Listened to There Goes the Neighborhood: Miami, Part 1 by Kai Wright, Nadege Green, and Christopher Johnson from The Stakes | WNYC Studios

The sea level is rising -- and so is the rent. It's the first episode in our three part series on "climate gentrification."

In Miami’s Little Haiti neighborhood, residents are feeling a push from the familiar forces of gentrification: hasty evictions, new developments, rising commercial rents. But there’s something else happening here, too—a process that may intensify the affordability crisis in cities all over the country.

Little Haiti sits on high ground, in a city that’s facing increasing pressure from rising sea levels and monster storms. For years, researchers at Harvard University’s Design School have been trying to identify if and how the changing climate will reshape the real estate market globally. In Miami’s Little Haiti, they have found an ideal case study for what’s been dubbed “climate gentrification.”

We hear from:

Jesse Keenan, Harvard University Graduate School of Design

- Mimi Sanon-Jules, entrepreneur in Little Haiti

Reported and produced by Kai WrightNadege Green and Christopher Johnson. This is part one of a three-part series produced in partnership with WLRN in Miami. WNYC’s health coverage is supported in part by the Robert Wood Johnson Foundation. Working to build a Culture of Health that ensures everyone in America has a fair and just opportunity for health and well-being. More at RWJF.org.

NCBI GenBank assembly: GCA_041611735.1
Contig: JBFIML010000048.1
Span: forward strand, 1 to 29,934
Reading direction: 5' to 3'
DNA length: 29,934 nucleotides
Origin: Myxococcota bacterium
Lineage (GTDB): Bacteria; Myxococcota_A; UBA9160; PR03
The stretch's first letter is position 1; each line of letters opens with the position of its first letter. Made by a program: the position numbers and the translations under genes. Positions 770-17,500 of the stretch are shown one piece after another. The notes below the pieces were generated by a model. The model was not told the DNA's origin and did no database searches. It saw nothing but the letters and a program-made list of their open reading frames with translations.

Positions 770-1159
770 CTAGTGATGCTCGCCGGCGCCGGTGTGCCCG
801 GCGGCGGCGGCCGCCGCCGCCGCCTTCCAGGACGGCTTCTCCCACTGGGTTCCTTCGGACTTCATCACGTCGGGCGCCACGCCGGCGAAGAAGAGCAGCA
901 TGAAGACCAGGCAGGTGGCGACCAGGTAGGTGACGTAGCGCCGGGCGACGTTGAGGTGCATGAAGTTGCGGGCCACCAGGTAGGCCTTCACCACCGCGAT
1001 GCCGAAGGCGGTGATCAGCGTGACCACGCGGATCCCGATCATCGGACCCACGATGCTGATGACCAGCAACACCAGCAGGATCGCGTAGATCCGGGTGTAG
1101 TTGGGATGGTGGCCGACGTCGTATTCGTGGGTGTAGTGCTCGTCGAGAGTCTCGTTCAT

Published by

Chris Aldrich

I'm a biomedical and electrical engineer with interests in information theory, complexity, evolution, genetics, signal processing, theoretical mathematics, and big history. I'm also a talent manager-producer-publisher in the entertainment industry with expertise in representation, distribution, finance, production, content delivery, and new media.

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